So You Lost Your Job?


First, you are not alone. Remember that your unemployment is not a reflection on you, but a reflection on the current market.

Since the start of the recession in December 2007, the number of unemployed has risen by 7 million.  On June 5th 2009 the Labor Department reported that the unemployment rate was 9.4%, the highest rate in 25 years. 

Finding a new job will be difficult; 21% of those who are unemployed have been out of work for at least 15 weeks (this beats the previous record of 19.6% set in the recession of 1958).  Times are extremely tough, but benefits are available and finding a new job is possible.

What Do I Do?

As you probably already know, looking for a job in today's market involves much more than searching through the classified ads over breakfast until you find a good offer. 


Success is most likely achieved when a specific, methodical strategy is implemented.  It's an old axiom that ‘looking for a job is a full time job'.  Prepare yourself to work a normal work week's worth of hours until you find your next job.

You need to recognize that the world has changed.  You will most likely get your new job through networking, not through replying to an ad from the newspaper or online.  You may need to research resume writing even if you have a good resume from a few years ago.  Any human resources (HR) professional will tell you that knowing how to write a good resume five years ago, and knowing how to write a good resume today are two very different things.  Be teachable and willing to learn the new strategies for finding a good job.

The sections below will help you get started and will help make your job hunting efficient and effective.

When Do I Start?

Start looking immediately!!  It is tempting to ‘take a break' from work especially if you have unemployment benefits or a severance package that is supplying your immediate needs.  You may deserve a break, but taking one is counterproductive to your long term success; this is especially true in the current job market.

Unemployment Benefits

You should contact the State Unemployment Insurance agency as soon as possible after becoming unemployed. In some States, you can now file a claim by telephone or over the Internet


In general, the Federal-State Unemployment Insurance Program provides unemployment benefits to people who:

  1. Meet the State requirements for wages earned or time worked during an established period of time referred to as a "base period". (In most States, this is usually the first four out of the last five completed calendar quarters prior to the time that your claim is filed.)
  2. Are determined to be unemployed through no fault of your own (determined under State law), and meet other eligibility requirements of State law.

Read all about Unemployment Benefits

Have Unemployment Benefits Been 'Extended'?


The short answer is, yes! On June 12th, 2008, the House approved legislation to aid workers who have lost their jobs as a result of the recent economic downturn. The Emergency Extended Unemployment Compensation Act provides up to 13 weeks of extended unemployment benefits to jobless workers in every state.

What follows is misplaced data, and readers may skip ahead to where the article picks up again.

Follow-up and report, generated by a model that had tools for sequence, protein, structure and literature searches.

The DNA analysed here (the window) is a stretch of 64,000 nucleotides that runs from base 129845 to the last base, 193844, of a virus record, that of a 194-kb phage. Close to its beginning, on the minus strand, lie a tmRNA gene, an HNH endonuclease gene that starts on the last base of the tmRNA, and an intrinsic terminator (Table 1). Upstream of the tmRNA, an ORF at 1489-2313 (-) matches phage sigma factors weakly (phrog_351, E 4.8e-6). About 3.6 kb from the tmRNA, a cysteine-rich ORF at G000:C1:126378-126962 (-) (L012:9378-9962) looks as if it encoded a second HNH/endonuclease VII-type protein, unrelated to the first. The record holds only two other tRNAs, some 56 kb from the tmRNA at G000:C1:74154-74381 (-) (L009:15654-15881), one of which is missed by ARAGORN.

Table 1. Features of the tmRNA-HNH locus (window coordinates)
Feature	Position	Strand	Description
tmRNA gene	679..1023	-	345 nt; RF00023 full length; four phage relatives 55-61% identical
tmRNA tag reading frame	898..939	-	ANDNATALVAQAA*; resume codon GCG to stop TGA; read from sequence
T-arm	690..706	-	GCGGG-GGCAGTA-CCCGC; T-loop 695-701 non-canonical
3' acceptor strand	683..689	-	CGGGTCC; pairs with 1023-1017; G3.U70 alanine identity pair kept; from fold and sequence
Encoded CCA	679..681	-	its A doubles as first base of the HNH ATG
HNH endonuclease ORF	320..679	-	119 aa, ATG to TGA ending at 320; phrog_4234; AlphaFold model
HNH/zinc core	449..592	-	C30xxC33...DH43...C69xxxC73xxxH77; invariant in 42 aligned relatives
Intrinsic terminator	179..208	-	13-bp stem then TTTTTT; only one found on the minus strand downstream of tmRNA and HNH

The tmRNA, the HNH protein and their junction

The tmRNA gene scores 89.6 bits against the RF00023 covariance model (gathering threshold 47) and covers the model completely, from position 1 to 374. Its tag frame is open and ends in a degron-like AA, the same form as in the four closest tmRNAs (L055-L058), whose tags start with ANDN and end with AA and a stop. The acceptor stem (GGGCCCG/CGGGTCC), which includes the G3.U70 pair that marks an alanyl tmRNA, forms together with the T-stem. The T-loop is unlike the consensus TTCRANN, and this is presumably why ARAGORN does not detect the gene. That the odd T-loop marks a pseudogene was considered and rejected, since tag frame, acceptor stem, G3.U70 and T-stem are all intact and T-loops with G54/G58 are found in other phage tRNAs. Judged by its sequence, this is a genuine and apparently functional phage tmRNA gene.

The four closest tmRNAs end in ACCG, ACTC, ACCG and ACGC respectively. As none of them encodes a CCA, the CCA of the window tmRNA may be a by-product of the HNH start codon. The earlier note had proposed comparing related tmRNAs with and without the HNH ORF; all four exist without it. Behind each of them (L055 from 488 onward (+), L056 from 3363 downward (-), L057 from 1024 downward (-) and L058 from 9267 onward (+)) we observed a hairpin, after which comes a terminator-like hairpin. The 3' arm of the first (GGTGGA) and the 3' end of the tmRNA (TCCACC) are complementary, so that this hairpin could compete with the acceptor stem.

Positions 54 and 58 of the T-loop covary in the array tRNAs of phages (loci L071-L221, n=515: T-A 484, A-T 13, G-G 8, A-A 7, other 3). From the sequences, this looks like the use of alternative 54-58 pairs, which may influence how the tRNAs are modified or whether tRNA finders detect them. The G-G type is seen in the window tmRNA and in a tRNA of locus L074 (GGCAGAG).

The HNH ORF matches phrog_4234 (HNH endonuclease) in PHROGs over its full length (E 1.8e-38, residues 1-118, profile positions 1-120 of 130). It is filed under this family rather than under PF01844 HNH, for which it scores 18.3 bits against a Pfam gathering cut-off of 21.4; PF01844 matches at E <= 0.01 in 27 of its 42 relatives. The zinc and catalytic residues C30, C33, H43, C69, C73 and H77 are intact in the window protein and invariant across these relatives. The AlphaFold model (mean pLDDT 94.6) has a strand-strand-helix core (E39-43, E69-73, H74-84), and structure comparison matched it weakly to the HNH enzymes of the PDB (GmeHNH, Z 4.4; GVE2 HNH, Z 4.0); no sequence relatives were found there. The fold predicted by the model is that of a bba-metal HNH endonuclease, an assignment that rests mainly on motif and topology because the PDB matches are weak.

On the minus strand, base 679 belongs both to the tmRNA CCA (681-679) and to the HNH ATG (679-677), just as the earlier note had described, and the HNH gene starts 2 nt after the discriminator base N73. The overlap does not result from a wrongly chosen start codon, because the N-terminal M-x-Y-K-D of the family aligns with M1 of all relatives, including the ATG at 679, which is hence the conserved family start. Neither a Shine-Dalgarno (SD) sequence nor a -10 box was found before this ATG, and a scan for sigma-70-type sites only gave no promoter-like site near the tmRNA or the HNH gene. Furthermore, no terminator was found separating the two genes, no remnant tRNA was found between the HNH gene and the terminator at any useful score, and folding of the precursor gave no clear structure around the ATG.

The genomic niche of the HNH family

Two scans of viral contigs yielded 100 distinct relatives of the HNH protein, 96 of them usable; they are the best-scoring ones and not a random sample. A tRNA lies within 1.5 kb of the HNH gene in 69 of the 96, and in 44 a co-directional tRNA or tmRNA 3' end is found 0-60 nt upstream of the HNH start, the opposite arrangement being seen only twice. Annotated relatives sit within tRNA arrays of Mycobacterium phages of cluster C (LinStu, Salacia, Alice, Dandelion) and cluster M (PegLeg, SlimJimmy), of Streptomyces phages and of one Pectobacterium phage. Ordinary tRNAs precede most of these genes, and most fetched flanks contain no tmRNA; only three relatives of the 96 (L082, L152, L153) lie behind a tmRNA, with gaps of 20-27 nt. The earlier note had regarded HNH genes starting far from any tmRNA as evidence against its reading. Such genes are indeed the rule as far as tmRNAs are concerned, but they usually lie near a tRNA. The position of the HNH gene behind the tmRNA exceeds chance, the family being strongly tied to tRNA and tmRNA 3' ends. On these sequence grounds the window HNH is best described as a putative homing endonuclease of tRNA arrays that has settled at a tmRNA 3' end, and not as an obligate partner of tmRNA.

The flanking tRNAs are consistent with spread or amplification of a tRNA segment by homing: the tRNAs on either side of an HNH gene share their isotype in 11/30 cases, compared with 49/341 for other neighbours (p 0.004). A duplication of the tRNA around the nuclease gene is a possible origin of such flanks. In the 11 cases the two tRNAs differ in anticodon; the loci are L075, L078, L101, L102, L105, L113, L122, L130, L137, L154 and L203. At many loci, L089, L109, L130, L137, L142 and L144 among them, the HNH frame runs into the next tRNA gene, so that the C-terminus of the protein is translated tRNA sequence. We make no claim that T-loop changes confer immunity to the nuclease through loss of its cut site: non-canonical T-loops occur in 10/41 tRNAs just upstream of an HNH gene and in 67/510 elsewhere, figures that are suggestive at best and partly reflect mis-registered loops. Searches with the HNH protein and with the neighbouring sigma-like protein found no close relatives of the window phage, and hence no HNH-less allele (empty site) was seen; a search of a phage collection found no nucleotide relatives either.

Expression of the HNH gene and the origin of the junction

However, in order to qualify the state, in which you live, must have 'high levels' of unemployment.  High unemployment is defined as a seasonally- adjusted six percent total unemployment rate or a four percent insured unemployment rate.

The weekly benefit amount provided by the program would equal the amount received under regular unemployment compensation. (The average unemployment benefit provides $290 a week.).

Read all about Extended Unemployment Benefits

What are the Unemployment Laws in My State?


All states have different criteria before any unemployment benefits are dispersed.  The rules for extended benefits change depending on the state's unemployment rate.  The only way to know the benefits, for which you are qualified in your state, is to contact your state's unemployment office directly.

Your State's Unemployment Office Contact Information

Other Unemployment Benefits


You may qualify for more even more unemployment benefits than discussed above.  If you lost your job or had your job interrupted as a direct result of a major disaster, if you have worked for various branches of the military, NOAA or USPHS, if you lost your job due to increased imports into the United States, or if you were a federal employee you may qualify for even more benefits!

Your best source for all unemployment benefits is your State's Unemployment Office

Employment Networking

Networking cannot be emphasized enough.  Most of the jobs available in the United States will never be advertised.  They will be filled by somebody who knows somebody else, who knows the person doing the hiring and makes the connection between that person and the job-seeker with the skills to complete the job. 


If you want to successfully compete with everyone else who is currently looking for employment, you must intentionally tap into this ‘Hidden Job Market'.  Over 70% of all jobs are found through networking.

Read all about Employment Networking

Updating Your Resume

Resume writing has changed in the modern world.  A resume that worked well for you five years ago will look outmoded in today's job search.  Be sure you understand the different types of resumes, the different formats, and how to market yourself.  Googling local resume writing workshops may help - many of these workshops are offered as free services by government or church groups.

Read essential Resume Writing Tips

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